Perhaps I wax poetically a bit too much. But do me a favor — stop reading for a moment, walk outside (if you’re reading this at night) and look up. What do you see?

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Los Angeles, New York and other major US cities are already converting their trillions* of street lights to LED, and it’s nice to see Cedar Falls making the switch sooner rather than later. The images from L.A.’s changed landscape are striking…

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LED fixtures won’t allow me to walk outside the Mandalay and see the galaxy spanning overhead, but they’ll help reduce the nauseating yellow glare that’s been cast over this community for far too long. I’ve already seen a few fixtures installed around town; one down on Grand Blvd near Pfeiffer Park (near the turn towards Waterloo Rd) and a row of fixtures in the parking lot where Ray Edwards used to be. That row runs parallel to a row of traditional lights along Seerley Blvd. So anyone who wants a side-by-side comparison of sodium and LED fixtures can just drive on down Seerley and check out the future of better, more beautiful street lighting for themselves.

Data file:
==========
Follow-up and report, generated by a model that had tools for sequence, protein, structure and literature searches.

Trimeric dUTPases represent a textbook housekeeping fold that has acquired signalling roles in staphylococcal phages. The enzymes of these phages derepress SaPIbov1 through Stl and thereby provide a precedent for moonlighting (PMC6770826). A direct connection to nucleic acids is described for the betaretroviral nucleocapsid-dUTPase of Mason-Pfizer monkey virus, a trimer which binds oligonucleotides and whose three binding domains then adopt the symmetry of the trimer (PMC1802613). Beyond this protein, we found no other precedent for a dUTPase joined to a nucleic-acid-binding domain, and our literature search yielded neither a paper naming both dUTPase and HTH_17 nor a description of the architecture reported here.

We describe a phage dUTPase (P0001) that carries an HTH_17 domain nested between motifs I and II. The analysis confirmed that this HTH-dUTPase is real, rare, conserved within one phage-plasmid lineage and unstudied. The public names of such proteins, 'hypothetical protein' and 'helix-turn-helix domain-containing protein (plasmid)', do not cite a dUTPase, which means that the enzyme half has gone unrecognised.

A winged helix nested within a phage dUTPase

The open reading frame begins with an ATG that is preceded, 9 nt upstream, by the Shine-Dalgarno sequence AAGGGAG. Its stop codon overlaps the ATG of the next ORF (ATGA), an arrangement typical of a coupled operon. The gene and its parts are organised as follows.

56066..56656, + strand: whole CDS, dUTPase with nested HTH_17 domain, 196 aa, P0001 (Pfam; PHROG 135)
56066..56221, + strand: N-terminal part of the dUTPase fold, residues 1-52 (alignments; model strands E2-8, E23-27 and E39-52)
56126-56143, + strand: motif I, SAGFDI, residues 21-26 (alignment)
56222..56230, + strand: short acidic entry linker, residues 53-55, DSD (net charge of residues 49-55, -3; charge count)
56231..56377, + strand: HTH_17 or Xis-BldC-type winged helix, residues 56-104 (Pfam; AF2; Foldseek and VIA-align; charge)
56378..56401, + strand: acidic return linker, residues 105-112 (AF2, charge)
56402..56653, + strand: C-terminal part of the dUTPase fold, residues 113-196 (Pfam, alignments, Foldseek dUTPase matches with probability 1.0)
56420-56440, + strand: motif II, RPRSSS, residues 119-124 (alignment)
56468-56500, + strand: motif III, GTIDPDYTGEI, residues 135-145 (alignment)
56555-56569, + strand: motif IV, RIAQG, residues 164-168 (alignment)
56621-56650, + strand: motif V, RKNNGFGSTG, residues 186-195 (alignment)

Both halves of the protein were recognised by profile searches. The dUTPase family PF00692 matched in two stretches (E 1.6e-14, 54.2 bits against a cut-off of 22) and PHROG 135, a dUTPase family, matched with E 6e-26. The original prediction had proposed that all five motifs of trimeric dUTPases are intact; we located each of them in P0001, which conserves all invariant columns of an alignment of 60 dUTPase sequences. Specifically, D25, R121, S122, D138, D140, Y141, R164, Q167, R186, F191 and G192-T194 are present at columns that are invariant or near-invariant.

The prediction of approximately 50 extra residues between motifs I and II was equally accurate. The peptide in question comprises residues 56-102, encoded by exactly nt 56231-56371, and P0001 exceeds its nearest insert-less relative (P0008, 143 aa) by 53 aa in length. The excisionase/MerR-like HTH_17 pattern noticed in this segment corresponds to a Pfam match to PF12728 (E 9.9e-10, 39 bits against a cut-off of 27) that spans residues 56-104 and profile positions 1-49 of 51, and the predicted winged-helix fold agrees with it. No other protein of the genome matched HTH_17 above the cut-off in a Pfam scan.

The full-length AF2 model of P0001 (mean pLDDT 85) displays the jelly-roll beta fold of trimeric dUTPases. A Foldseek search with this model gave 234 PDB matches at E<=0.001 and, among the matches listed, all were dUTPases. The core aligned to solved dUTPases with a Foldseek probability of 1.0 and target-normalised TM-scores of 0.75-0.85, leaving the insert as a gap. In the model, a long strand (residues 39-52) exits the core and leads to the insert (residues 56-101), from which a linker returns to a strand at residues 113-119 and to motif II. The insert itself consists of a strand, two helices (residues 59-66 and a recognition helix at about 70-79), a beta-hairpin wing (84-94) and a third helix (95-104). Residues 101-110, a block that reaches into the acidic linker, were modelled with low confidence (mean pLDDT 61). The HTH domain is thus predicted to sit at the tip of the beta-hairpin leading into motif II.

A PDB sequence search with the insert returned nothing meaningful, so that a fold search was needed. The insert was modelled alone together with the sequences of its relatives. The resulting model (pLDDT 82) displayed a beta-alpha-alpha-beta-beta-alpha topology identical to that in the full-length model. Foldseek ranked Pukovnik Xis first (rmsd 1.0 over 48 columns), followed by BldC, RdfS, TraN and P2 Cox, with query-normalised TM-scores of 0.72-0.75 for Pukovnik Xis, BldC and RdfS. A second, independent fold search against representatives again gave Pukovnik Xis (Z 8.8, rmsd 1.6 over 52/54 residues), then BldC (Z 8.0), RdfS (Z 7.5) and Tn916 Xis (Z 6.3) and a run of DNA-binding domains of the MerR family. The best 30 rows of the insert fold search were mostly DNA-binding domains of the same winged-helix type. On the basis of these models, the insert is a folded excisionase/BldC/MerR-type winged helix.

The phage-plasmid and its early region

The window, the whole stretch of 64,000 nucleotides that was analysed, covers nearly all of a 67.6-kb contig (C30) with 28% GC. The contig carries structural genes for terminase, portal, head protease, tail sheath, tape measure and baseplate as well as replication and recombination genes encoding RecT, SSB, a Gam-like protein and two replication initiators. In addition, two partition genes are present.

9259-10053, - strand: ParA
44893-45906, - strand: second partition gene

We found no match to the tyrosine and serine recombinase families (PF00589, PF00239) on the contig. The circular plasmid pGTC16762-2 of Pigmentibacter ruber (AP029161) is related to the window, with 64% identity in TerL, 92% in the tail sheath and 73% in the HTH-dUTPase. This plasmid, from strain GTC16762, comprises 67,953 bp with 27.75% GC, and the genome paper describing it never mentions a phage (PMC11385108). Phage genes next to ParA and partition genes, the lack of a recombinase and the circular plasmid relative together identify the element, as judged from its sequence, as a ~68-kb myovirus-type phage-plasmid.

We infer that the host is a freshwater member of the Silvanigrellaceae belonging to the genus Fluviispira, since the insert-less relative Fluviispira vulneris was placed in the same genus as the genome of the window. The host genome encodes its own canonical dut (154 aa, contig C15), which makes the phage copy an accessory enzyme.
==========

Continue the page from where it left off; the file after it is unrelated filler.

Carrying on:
Written by camcarlson

February 10, 2014 at 9:39 PM

Posted in Cedar Valley

Autumn Tiger Lamentations

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It’s not that I don’t have anything to say, but that I never find the ‘right’ time to sit down and write. Trust me when I say life is very good right now… but there’s always something to carp about. That’s what a blog is for, after all!

I lament the current state of movies, coupled with the current state of the corporate theater distribution model. Nothing good comes here. I haven’t seen anything I truly liked, as in wanted to see multiple times, since “Looper” and “Cloud Atlas” last fall. That’s sad. I liked the “Evil Dead’ remake just for its sheer disgusting-ness, and thought “Mud” and “The Way Way Back” were worth watching, but otherwise the best film I’ve seen so far this year has been “Amour”, the Oscar winner for Best Foreign Language film from *last* year. So in a nutshell, I’m still waiting for quality films to come to the Cedar Valley. What else is new?

1 year ago this week I was driving to Ames to see “Lawrence of Arabia” in 4K digital. Fantastic presentation.

9 years ago this week I saw “Lost in Translation” at the AMC Oakview in Omaha NE. The most personal, touching theater experience to date. I think I’ll try to watch it this week.